Michigan’s sprawling suburban Macomb County has long been both an anomaly — and a herald of the future.
Back in the 1950s, when Detroit started emptying into the northern suburbs, white collar workers tended to migrate north and west to Oakland County; blue-collar ones east, to Macomb.
Macomb’s working-class voters won national attention when they became “Reagan Democrats” in 1980. (These days, like the nation, they’ve twice voted for President Obama.)
Even as Michigan’s population began slipping, Macomb, which now has about 850,000 people, has continued to grow.
But the county that became a famous blue-collar suburban symbol, may be leading the state in a most unlikely area:
Education. With the collapse of the state’s old muscle-based full-employment economy, pretty much everyone seems to agree on three things: 1) Michigan needs more higher education. 2) That education needs to be affordable, and 3) it needs to lead to jobs.
Macomb Community College seems to have created a model that works to deliver all three at a wide range of levels. Students of limited means can and do enter here, take basic courses for less than half the tuition they’d pay at a four-year school, and then transition into one, often taking university courses on Macomb’s campus.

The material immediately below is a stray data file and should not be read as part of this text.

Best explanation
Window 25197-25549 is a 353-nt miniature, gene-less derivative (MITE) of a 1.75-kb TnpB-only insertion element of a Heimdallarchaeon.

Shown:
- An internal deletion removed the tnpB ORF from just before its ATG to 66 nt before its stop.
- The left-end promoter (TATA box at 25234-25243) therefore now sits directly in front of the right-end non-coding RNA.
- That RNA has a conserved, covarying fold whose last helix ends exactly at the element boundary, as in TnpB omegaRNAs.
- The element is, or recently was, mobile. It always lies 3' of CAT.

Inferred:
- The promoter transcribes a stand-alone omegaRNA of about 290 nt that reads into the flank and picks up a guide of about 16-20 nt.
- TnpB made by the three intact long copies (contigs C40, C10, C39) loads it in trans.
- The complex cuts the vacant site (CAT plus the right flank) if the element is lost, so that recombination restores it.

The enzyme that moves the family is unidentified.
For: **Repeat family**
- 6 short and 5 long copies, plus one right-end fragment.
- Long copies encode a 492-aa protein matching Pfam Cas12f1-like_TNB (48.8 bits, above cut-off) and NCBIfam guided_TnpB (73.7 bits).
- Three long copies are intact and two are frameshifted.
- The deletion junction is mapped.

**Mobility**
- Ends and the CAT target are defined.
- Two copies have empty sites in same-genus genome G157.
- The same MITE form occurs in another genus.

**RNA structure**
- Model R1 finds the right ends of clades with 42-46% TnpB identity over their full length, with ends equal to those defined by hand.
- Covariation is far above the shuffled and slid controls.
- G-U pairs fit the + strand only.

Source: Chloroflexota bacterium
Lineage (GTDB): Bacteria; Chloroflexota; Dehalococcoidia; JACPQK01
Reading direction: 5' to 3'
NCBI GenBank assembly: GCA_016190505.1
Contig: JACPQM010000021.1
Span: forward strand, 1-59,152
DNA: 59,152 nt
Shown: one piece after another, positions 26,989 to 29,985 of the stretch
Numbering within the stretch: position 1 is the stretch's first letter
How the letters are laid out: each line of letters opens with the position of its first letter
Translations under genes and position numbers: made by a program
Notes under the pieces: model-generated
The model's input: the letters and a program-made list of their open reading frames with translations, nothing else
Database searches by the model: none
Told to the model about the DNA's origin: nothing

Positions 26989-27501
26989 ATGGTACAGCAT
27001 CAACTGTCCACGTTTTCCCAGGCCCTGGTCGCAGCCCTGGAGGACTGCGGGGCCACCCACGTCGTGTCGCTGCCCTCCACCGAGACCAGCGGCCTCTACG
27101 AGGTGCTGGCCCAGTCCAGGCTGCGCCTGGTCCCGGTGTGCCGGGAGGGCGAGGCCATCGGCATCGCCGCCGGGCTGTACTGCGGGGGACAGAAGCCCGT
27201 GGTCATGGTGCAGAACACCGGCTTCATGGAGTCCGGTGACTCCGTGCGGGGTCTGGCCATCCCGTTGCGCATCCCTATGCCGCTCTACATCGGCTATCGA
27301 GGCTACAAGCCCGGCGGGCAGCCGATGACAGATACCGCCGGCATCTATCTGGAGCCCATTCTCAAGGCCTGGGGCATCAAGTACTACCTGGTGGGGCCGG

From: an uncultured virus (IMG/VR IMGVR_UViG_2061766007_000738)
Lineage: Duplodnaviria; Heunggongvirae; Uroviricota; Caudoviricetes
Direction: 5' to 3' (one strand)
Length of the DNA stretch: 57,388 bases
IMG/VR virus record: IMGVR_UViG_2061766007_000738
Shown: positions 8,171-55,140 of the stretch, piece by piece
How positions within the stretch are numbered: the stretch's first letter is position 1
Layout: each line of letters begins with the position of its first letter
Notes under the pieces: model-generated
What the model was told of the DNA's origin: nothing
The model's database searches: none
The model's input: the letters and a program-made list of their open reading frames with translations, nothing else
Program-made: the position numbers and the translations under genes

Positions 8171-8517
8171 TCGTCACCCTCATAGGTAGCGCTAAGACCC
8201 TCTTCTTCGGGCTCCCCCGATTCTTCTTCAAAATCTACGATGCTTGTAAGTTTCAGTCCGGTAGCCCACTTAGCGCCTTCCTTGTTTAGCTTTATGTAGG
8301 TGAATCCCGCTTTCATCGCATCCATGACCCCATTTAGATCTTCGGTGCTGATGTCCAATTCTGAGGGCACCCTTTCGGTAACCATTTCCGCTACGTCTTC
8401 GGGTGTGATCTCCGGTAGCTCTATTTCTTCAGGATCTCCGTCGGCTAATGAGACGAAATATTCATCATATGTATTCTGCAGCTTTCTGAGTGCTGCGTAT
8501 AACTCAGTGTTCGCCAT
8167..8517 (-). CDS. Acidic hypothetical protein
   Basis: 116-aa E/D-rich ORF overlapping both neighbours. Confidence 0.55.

The school also hosts stunning three-month-long lecture series on major topics every year, such as the Roaring 20s and the Great Depression, and pays to bring in world-class scholars and former top government officials to take part.
But the college also is a place that provides fast job training to people who really need it. Imagine a 45-year-old housewife who has few job skills, little money and has lost her spouse.
Macomb has an eight-week Production Officer Certificate Program which trains people to run the fairly complex machinery used in today’s assembly plants and other manufacturing operations.